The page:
OK, maybe it's scraping the bottom of the barrel, but at a time where we're desperately trying to look ahead to a collective bargaining agreement, its much easier to look back at the NFL and determine what has went right and what has went wrong.
In my last column, I reminisced about the negative, the 32 most embarrassing moments in NFL history. Click NFL's Most Embarrassing Moments.
In this column, let's look at the positive, specifically 16 of the best rule changes the NFL has implemented in the last 30 years.
We all know that the "zebras" need all the help they can get and we often focus on what they do wrong, myself certainly included in cursing at these previously nameless individuals who change the outcome of a football game.
Gene Steratore, (the ref who denied the Lions a win over the Chicago Bears and awarded the Pittsburgh Steelers a win over the Miami Dolphins in 2010 with questionable play calls), I'm referring to you.
I digress. Let's look at the rule changes that have made the lives of referees easier and more importantly actually helped the game of football.
In 2008, the NFL made a couple of outstanding rule changes.
One, that we'll discuss here is the decision to defer after winning the coin toss. This was a decision that could be made in lower levels of football for years. Why an NFL team couldn't defer possession of the ball until the second half is beyond me. As of three years ago, they now can and its added an extra element of strategy to the game, especially for coaches that would prefer to open the game with their extremely strong defense or suspect offense.
Asking referees to distinguish between shades of gray is always problematic. After all, consider that their uniforms are black and white.
Unless a defender would use the facemask to try and rip a defender's head off, distinguishing between incidental (five-yard penalty) and the intentional grabbing of the facemask (15-yard penalty) was arbitrary at best and irresponsible at worst.
Starting in 2008, every facemask infraction now cost the offending team 15 yards.
In 1974, the goal posts were moved to end line instead of the goal line.
The only surprise is why someone didn't think about this ahead of time.
Seriously, didn't it occur to someone that running a slant pattern over the middle into a "brick wall" wasn't all that of a good idea?
In 1978, the NFL added a second Wild Card team, which brought the league to the ideal format of two wild-card teams playing each other with the winner advancing to the round of eight.
Having five teams advance to the playoff in each conference was more than enough. Subsequently, adding a third Wild Card in 1990 and then expansion "requiring" four divisions in each conference in 2002 has made the playoffs a free-for-all.
The current format of forcing the two division winners with the worst records (among the four) to play on Wild Card weekend and not receiving a bye really, really dilutes the honor of a team winning its division if it doesn't go 12-4 or better.
Certainly, you can have division winners with really poor records, such as 7-9 Seattle in 2010, but these problems are due to having too many teams and too many divisions.
This might appear to be trivial at first glance, but in 1970 the NFL decided to put names on the backs of players' jerseys.
While, I consider myself to be "old school" in some respects, and I kind of like a college that leaves names off of a jersey, the player turnover in the NFL is such that you really need those names for identification purposes.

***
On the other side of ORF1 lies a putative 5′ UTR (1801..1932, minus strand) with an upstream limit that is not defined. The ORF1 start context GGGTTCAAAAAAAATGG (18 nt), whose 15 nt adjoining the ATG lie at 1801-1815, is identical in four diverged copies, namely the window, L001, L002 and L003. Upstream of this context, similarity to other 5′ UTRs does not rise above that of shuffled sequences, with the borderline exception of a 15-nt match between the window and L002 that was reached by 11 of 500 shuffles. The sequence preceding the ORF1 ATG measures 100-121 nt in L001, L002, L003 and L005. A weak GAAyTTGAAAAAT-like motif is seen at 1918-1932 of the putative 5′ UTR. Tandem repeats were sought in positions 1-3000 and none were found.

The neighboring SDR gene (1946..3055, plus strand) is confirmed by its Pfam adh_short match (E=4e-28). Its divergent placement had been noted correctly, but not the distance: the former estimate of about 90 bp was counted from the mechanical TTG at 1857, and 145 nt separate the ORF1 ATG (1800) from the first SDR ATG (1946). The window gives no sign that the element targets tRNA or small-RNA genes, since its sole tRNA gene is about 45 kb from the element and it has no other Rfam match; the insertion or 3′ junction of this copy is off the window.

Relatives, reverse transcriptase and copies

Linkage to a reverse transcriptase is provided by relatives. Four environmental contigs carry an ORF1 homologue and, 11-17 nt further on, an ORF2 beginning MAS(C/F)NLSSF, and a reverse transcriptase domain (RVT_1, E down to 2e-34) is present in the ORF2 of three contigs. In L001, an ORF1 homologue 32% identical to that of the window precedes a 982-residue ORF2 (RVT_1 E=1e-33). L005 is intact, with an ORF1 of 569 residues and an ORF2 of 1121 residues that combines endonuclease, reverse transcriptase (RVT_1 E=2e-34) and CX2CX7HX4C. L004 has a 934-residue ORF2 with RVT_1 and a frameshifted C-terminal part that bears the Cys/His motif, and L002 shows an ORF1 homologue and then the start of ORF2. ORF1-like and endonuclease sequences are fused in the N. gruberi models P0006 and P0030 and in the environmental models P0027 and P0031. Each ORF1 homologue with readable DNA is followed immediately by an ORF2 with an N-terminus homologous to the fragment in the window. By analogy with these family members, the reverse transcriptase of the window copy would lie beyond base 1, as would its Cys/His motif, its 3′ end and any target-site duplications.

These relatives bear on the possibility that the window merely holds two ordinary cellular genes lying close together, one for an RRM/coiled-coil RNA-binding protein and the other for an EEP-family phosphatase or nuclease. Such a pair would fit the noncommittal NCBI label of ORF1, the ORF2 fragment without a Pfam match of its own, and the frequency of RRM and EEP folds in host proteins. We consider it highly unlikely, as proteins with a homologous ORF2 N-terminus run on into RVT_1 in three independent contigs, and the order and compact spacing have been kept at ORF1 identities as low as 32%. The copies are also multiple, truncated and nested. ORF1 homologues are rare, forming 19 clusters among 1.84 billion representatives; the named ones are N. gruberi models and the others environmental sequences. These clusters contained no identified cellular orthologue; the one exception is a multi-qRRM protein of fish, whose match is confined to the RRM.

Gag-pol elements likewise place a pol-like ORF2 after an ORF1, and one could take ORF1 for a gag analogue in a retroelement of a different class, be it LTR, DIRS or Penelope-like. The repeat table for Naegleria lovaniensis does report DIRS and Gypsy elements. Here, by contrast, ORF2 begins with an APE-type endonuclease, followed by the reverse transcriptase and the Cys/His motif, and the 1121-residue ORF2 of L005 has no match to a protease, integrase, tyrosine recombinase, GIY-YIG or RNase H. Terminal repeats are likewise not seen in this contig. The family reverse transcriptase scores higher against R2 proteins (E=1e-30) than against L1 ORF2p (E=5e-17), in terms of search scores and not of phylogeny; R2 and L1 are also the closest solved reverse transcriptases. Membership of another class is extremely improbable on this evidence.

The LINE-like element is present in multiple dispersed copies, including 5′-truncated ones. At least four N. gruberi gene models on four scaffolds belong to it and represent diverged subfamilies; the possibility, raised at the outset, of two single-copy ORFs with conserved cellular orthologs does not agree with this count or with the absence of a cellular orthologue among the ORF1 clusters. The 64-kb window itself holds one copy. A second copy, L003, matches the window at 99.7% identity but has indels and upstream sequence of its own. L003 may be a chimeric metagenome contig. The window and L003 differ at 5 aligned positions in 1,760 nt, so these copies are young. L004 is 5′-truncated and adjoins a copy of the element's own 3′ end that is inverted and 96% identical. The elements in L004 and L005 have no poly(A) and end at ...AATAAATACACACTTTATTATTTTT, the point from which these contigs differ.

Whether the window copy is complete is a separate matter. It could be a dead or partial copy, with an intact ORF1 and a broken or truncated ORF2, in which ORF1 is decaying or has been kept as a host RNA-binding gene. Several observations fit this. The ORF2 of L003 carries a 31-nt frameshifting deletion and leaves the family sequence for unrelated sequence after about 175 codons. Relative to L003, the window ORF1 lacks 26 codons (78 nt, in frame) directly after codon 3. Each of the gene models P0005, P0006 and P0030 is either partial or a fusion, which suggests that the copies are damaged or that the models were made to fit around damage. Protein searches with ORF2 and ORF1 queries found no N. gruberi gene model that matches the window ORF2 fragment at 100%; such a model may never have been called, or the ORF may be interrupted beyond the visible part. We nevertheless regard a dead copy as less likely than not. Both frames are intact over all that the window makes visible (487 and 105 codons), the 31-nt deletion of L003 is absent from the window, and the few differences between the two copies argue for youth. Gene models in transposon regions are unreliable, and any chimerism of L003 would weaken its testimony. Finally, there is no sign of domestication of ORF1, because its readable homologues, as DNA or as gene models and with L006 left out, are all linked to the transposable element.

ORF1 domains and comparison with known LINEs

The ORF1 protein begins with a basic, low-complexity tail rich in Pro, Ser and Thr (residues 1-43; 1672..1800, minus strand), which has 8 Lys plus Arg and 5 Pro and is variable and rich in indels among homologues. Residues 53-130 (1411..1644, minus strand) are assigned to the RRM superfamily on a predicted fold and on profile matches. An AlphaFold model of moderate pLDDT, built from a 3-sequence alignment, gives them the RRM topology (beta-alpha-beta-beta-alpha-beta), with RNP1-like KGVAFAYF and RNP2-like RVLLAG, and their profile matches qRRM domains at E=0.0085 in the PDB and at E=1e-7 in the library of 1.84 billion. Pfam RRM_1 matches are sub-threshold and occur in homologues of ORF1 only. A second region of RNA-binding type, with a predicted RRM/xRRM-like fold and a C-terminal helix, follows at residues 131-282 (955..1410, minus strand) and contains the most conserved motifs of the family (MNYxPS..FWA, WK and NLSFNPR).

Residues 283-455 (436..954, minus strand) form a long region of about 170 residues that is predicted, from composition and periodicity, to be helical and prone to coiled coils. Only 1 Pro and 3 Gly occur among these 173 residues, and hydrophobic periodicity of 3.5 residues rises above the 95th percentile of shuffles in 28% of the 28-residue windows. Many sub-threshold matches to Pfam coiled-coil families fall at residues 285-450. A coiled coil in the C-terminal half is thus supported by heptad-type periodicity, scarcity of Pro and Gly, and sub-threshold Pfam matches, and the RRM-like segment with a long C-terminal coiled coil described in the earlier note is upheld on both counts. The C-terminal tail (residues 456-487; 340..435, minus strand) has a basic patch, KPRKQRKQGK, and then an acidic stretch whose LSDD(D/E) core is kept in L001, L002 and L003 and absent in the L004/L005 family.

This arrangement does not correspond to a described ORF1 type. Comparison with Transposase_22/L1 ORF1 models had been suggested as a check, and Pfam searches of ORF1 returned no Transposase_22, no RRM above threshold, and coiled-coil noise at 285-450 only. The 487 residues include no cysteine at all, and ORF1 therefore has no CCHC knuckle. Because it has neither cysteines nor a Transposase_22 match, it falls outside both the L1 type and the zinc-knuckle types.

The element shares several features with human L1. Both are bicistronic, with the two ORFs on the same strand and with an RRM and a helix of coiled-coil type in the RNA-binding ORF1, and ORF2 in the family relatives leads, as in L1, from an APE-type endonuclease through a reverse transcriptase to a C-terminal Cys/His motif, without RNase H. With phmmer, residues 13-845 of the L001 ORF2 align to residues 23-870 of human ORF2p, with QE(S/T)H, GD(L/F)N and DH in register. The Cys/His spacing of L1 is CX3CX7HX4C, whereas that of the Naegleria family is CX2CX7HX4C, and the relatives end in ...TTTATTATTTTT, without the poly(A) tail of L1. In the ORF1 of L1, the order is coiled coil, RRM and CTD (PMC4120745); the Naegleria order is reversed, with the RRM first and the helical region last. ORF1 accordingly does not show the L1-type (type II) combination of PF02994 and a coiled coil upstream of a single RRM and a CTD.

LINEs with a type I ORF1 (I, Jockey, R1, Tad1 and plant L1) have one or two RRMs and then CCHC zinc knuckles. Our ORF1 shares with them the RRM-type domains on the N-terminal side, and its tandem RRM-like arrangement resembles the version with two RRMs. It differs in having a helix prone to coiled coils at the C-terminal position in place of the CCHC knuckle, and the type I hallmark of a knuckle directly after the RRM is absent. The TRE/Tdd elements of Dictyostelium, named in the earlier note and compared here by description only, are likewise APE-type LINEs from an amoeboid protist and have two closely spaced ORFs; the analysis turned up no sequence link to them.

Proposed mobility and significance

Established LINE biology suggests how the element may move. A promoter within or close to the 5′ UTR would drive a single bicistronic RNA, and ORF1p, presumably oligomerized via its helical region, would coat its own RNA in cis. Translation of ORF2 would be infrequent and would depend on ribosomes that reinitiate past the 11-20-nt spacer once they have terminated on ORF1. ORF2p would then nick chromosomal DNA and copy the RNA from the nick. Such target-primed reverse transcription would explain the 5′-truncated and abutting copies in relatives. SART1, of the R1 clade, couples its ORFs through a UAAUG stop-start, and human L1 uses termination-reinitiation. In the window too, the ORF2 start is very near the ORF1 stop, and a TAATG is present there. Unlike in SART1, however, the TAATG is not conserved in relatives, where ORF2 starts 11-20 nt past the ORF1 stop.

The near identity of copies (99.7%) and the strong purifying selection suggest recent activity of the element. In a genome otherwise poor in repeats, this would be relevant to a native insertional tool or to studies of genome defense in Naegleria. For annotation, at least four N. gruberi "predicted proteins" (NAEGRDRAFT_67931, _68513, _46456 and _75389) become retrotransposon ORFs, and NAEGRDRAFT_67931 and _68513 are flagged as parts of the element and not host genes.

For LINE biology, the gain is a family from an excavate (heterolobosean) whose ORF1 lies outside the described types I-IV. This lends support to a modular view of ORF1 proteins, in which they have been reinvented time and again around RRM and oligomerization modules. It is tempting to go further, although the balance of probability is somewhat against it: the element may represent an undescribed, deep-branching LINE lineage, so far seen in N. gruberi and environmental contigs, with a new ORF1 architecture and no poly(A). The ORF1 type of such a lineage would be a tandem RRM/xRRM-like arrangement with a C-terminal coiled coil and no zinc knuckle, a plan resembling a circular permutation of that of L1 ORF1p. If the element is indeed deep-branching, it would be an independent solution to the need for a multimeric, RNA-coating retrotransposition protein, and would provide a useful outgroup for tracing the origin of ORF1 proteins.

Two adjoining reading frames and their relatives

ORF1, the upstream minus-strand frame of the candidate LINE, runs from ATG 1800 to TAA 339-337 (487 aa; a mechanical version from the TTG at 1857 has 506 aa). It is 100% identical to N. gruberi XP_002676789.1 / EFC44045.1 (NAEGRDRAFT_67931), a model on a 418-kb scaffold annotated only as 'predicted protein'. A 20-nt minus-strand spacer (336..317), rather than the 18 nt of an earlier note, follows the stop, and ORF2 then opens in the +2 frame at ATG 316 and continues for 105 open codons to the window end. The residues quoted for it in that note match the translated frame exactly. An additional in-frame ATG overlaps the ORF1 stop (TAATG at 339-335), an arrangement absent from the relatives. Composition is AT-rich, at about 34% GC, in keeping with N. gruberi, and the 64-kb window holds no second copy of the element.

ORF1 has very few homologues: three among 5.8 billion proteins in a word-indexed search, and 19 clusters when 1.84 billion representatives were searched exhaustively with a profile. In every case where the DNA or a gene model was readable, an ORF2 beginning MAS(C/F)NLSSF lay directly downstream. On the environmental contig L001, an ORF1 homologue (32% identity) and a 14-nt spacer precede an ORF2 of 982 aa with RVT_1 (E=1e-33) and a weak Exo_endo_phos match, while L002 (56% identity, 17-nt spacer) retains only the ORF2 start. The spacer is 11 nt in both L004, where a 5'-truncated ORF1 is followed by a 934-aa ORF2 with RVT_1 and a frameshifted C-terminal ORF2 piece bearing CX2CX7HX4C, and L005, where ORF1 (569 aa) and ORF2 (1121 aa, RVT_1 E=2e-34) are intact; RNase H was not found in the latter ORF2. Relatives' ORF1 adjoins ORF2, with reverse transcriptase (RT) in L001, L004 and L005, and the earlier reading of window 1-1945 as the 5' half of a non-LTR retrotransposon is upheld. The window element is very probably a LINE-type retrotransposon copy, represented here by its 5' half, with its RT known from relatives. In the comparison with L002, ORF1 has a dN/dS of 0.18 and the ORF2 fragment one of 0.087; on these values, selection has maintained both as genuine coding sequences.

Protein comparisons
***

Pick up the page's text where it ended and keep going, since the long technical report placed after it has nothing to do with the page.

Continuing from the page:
Try scouting an NFL team without the names on the back of the jersey. In addition, some of the new style jerseys make the numbers extremely hard to make out with the different scripts used today.
For example, good luck distinguishing a player No. 86 from a player No. 88 at times.
It's not that I like the concept of sudden death overtime. Although truth be told, I don't mind having whatever team scores first being declared the winner starting in an extra period. In fact, I find it much more appealing that giving each team the ball at the 25-yard line in a glorified contest of red-zone offenses.
But, what sudden death overtime did when implemented in 1941 for the NFL playoffs was begin to put the concept of ties to rest. In 1974, the NFL added a single-period sudden death overtime for all preseason and regular season games. While its possible to still end a regular season game in a tie, according to NFLmedia.com, there have been 17 ties since 1974, and just four since 1989
Professional football games should not end in ties for the simple reason that there needs to be a clear cut winner, obviously for the playoffs to continue, but also because playing for a tie should never become a factor in how an NFL team tries to make the playoffs
As much maligned as the USFL was, the league made several contributions to the NFL.
Not only did it develop stars such as Reggie White, Steve Young and Jim Kelly for the "big leagues", discover additional markets for the NFL including Jacksonville and Arizona, but several "innovations" of the new league such as instant replay and the two-point conversion would later be adopted by the NFL.
I go back and forth on the two-point play, but there are at least two reasons why it became a great addition to the NFL in 1994.
First, all of sudden teams that were down by eight points very late in a game (and you would be surprised how often that seems to occur) would still have hope of tying a game and winning it in overtime. If a team was down by seven points, there was at least the threat that it could win the game on a last drive and avoid overtime.
Second, and I really have nothing against kickers, but the two-point conversion has at least just a little bit reduced the importance of the position. I have no problem with a game being occasionally decided by a 40-plus-yard field goal. But, winning or tying a game with an extra point is pretty anti-climatic.
Bottom line: The two-point conversion adds drama to the game.
Now, you can see that I came up with 16 rule changes that I think have bettered the game of the football, but you don't want me to tell you which rule changes I think have worsened the game.